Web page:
Howard County Executive Elizabeth Bobo and County Council Chairman C. Vernon Gray have joined angry parents and students in protesting the local school board's decision to eliminate summer school for virtually all students this year.

In an unusually strongly worded letter read aloud at a crowded board meeting Thursday night, Bobo and Gray described the board's action as "unneccessary" and "rash" and asked board members to restore the program before its original June 22 starting date.

"Cutting the summer school program at this late date is extremely unfair and disruptive to the students and parents. Tuitions have been paid and people have adjusted their summer's plans on the expectation of the summer school program being offered," they wrote. "We strongly feel that all of this disruption and inconvenience are, to say the least, uncalled for."

The letter -- and the public forum in which it was released -- was an unsual breach of the Howard County government's unwritten rule not to interfere in the school board's decisions.

The dispute also highlights the increasing tensions between local governments and school officials in suburban areas, where highly acclaimed, costly school systems are in growing competition for shrinking pools of funds.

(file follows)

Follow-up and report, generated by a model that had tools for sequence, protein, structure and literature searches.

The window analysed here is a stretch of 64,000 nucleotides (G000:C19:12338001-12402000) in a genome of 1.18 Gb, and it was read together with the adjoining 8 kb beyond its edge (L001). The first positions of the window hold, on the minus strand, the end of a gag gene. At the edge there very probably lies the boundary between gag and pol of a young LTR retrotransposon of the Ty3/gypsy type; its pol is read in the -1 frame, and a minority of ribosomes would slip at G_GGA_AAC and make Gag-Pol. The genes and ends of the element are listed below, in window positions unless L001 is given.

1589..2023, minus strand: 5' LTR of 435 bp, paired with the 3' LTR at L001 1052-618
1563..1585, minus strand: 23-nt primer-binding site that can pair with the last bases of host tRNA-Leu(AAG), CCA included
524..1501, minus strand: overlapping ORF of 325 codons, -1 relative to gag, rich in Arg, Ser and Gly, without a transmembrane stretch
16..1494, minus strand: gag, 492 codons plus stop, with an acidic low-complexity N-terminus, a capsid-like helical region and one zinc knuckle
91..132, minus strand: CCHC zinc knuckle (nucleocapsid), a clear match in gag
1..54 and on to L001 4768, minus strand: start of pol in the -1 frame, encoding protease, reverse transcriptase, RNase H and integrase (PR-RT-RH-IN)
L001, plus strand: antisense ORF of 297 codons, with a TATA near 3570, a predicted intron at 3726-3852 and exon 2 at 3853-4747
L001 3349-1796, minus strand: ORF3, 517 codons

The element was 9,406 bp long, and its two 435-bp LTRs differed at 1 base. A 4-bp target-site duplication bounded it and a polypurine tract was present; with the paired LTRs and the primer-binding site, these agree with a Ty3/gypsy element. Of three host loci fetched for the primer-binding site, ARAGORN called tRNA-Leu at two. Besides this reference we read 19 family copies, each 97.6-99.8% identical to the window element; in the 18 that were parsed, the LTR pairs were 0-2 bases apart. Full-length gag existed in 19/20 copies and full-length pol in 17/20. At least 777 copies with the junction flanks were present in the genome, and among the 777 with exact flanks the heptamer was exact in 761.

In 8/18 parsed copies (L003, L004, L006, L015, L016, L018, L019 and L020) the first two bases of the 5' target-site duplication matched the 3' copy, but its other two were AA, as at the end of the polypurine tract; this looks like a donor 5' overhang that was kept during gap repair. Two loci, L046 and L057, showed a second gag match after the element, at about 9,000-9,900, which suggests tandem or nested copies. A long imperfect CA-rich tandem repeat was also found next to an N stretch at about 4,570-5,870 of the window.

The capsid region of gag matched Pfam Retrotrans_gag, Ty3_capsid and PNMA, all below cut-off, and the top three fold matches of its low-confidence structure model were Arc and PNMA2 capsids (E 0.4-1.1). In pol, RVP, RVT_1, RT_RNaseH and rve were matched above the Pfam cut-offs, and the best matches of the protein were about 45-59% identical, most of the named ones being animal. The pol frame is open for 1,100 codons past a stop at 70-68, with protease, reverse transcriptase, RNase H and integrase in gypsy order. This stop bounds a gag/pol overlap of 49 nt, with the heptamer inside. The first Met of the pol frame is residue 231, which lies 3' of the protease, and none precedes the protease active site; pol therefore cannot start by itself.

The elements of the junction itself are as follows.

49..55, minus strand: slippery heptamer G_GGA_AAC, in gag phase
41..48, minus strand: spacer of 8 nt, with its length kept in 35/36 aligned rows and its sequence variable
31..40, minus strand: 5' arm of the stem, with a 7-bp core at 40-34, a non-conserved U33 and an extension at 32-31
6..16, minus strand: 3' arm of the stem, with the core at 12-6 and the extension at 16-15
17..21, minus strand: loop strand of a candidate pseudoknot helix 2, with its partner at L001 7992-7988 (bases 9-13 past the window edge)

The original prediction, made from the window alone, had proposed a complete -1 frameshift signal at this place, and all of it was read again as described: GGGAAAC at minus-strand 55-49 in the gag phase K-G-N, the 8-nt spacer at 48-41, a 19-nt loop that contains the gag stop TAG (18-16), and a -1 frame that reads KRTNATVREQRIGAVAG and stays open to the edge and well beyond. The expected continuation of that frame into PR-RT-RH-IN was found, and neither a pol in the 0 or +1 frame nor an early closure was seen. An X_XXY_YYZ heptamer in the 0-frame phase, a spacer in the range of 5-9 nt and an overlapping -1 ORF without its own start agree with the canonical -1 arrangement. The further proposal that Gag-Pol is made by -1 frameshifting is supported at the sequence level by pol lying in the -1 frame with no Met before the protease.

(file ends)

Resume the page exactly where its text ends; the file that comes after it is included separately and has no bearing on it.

In their statement, Bobo and Gray reiterated their desire for "a cooperative working relationship with the Board of Education." They added, however, "we feel it would be irresponsible for us to remain silent and stand idly by in the face of such a rash action."

Superintendent Michael E. Hickey said yesterday that he was "disappointed" by the letter, calling the officials' statements "second-guessing" and "cheap advice."

"I don't know if this sort of thing serves a useful purpose, except for a political one," he said.

The five-member board voted unanimously June 1 to eliminate summer school classes for all but about 350 incoming and graduating seniors to make up a $4.2 million reduction in the $97 million fiscal 1988 budget they requested from the county.

The board estimated that eliminating summer school for 1,000 students and 100 teachers would save $134,000.

But Bobo and Gray, pointing out that the school board's budget had been increased by nearly $10 million over this year, said the board could have made up for the reduction by cutting a less visible budget item. They mentioned in particular $412,000 the board plans to spend to purchase new photocopying equipment for each of Howard's 47 schools.

School board members Anne L. Dodd and Karen Campbell defended their choices. They said the copying machines, for instance, had been requested by school principals and supported by local PTAs.

"I'm getting as much mail and as many phone calls about {cuts in} the music program and cross-country as I am about summer school," Dodd said.

Dodd said the board would formally respond to the letter at its June 25 meeting.